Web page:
The dwelling places of Europe have an air of inheritance, or cumulative possessionâ€”a hive occupied by generations of bees. In America, the houses seem privately ours, even when we have not built them up, in pine two-by-fours and four-by-eight-foot sheets of plywood, from a poured-concrete foundation. Houses are, as Newland Archer sensed, our fate. The houses we build in our fiction need not conform to a floor planâ€”indeed, the readerâ€™s capacity for visualizing spatial relations is feebleâ€”but they must conform to a life plan, feeding the charactersâ€™ senses whenever these turn outward, confirming social place with their walls and accoutrements, echoing in authentic matter the spiritual pattern the author intends to trace. A house, having been willfully purchased and furnished, tells us more than a body, and its description is a foremost resource of the art of fiction. Every novelist becomes, to a degree, an architectâ€”castles in air!â€”and a novel itself is, of course, a kind of dwelling, whose spaces open and constrict, foster display or concealment, and resonate from room to room.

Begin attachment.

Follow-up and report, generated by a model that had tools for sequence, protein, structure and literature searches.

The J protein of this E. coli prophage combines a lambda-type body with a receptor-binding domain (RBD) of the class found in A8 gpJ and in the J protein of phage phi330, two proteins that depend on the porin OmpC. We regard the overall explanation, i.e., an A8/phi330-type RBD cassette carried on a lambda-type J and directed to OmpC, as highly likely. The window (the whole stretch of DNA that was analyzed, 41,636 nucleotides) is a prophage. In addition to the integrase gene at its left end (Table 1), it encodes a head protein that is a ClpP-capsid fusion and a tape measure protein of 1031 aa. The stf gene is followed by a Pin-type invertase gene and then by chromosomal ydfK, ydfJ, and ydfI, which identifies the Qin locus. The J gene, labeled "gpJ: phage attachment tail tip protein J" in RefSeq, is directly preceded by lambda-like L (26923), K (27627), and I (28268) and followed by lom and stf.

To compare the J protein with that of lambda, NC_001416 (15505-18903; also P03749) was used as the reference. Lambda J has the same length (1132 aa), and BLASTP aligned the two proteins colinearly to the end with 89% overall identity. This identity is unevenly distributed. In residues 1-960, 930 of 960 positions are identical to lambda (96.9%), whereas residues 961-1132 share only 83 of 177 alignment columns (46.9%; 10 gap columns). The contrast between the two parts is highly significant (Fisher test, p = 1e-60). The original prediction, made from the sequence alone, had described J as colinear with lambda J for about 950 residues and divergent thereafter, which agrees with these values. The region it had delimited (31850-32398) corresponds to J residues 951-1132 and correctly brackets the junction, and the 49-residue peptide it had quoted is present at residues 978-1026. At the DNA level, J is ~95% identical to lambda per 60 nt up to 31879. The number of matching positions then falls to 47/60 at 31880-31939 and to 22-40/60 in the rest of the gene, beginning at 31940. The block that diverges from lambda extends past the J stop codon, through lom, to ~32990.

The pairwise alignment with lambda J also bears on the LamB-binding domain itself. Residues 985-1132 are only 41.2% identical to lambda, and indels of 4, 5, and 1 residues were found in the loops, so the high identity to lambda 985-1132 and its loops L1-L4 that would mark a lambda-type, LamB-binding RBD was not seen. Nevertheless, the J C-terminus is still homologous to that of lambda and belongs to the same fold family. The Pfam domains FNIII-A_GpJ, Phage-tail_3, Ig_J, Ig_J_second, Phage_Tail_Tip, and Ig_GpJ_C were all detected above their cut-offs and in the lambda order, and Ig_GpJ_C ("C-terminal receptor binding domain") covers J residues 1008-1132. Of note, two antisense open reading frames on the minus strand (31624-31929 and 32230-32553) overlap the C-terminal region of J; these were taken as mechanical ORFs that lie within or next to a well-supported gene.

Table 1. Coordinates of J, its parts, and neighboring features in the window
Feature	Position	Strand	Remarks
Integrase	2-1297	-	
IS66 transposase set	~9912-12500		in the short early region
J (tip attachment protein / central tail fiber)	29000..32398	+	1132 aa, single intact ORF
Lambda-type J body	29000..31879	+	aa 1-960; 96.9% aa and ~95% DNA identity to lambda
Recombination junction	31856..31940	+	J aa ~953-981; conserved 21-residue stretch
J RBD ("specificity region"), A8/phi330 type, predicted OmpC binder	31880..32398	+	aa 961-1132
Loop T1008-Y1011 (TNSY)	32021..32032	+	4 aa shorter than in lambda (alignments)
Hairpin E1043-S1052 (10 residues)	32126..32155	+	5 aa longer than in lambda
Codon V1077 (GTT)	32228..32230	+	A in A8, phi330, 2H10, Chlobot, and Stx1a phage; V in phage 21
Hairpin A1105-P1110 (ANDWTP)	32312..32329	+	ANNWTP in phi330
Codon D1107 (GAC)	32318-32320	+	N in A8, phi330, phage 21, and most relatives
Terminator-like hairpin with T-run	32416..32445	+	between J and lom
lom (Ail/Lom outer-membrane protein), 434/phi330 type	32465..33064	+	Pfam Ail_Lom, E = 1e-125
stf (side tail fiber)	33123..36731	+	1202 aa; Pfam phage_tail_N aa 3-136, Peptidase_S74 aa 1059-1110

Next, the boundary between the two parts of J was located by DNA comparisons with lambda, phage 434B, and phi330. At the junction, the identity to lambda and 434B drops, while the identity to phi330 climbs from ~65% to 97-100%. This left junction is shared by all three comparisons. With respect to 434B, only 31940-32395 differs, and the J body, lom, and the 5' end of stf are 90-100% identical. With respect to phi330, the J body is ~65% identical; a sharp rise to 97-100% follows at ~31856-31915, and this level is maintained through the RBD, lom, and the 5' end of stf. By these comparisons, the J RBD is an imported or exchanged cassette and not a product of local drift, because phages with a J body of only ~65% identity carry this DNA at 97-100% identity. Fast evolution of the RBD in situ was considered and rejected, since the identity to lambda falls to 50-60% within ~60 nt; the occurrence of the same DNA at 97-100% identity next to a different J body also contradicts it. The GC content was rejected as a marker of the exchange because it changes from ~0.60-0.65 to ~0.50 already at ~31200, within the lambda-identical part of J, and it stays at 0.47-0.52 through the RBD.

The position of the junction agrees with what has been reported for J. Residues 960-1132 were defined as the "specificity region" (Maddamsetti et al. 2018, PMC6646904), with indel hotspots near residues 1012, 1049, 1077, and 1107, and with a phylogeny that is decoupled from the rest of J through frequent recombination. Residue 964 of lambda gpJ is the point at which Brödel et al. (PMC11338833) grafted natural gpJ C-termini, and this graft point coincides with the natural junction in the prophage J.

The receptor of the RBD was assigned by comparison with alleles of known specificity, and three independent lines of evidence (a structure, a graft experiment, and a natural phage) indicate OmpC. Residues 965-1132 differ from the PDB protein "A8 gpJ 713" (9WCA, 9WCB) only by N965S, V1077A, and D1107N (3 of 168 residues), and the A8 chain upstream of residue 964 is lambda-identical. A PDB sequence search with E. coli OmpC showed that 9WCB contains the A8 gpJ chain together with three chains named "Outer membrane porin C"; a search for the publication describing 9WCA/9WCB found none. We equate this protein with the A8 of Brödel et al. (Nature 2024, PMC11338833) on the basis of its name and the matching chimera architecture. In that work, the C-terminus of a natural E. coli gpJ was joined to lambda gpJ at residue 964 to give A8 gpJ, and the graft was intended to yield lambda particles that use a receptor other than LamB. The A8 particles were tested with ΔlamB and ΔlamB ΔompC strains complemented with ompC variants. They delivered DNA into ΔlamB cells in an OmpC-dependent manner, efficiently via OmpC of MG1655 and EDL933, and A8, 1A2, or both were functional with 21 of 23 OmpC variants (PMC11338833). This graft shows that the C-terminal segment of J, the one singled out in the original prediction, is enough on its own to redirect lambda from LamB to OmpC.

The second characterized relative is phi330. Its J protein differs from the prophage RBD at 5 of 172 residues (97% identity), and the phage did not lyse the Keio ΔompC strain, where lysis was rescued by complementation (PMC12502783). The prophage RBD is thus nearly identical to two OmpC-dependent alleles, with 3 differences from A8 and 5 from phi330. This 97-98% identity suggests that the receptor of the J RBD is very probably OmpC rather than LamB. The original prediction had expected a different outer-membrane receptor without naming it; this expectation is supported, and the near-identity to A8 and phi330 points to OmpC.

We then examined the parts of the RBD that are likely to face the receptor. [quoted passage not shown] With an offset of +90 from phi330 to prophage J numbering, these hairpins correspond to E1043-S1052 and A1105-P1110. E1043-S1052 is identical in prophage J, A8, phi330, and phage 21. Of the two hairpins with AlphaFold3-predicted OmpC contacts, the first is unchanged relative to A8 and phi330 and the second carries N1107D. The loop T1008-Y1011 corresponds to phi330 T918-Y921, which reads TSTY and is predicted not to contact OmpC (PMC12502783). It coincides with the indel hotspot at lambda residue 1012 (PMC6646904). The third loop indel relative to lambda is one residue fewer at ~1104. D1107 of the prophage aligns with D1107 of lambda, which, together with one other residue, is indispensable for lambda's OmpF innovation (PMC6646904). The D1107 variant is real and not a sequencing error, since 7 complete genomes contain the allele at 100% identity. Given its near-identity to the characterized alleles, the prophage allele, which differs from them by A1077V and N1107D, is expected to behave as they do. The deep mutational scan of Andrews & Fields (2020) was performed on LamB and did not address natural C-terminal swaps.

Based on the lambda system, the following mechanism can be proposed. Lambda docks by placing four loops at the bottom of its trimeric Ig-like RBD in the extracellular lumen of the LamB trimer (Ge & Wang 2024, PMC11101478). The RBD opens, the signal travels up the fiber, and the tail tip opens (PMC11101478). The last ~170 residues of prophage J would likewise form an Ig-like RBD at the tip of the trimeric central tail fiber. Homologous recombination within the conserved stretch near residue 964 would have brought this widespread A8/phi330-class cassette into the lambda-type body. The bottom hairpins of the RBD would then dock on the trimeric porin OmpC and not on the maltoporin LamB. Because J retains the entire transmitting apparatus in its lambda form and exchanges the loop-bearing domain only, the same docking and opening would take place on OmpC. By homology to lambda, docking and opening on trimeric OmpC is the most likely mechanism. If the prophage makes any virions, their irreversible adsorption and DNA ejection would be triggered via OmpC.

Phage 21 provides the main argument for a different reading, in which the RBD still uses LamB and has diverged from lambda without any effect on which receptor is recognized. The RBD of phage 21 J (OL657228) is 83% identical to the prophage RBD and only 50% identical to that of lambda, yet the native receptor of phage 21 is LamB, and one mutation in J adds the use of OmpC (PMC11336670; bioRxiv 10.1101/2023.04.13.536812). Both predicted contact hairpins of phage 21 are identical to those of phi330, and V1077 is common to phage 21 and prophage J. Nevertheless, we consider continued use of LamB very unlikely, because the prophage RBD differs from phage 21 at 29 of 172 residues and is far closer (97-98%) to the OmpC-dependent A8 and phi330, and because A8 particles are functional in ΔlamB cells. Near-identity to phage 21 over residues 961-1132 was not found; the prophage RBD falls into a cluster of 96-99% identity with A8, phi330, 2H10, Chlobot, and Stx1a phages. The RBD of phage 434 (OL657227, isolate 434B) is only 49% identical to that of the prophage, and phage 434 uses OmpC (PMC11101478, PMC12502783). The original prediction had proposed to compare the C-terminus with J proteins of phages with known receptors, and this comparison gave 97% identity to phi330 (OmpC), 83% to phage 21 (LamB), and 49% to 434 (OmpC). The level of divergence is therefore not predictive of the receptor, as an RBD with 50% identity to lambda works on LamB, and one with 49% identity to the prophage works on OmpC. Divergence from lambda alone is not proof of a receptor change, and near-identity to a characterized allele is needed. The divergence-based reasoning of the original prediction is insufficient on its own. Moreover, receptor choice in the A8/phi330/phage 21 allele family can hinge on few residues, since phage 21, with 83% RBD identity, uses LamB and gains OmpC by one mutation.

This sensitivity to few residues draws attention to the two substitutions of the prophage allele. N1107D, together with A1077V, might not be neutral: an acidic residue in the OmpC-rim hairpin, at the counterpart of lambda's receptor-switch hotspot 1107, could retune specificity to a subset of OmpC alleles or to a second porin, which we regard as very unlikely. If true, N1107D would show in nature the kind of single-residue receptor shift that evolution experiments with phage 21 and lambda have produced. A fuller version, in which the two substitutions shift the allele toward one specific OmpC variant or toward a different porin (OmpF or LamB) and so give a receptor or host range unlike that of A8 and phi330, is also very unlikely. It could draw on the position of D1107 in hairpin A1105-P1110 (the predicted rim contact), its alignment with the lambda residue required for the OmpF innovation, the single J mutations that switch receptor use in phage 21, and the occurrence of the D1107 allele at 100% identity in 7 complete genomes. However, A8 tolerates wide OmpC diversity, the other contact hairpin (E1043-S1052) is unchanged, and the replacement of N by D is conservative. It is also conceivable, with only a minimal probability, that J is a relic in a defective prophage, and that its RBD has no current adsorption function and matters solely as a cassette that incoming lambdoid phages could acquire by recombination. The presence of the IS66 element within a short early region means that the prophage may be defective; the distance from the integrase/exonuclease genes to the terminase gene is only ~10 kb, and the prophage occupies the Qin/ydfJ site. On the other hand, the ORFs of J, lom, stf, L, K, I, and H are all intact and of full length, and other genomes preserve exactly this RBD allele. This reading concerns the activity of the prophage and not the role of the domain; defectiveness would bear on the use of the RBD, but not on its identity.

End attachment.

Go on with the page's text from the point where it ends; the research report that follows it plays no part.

John Updike on fictional houses. Found, about 5 links deep through twitter and web, here: Architectural Digest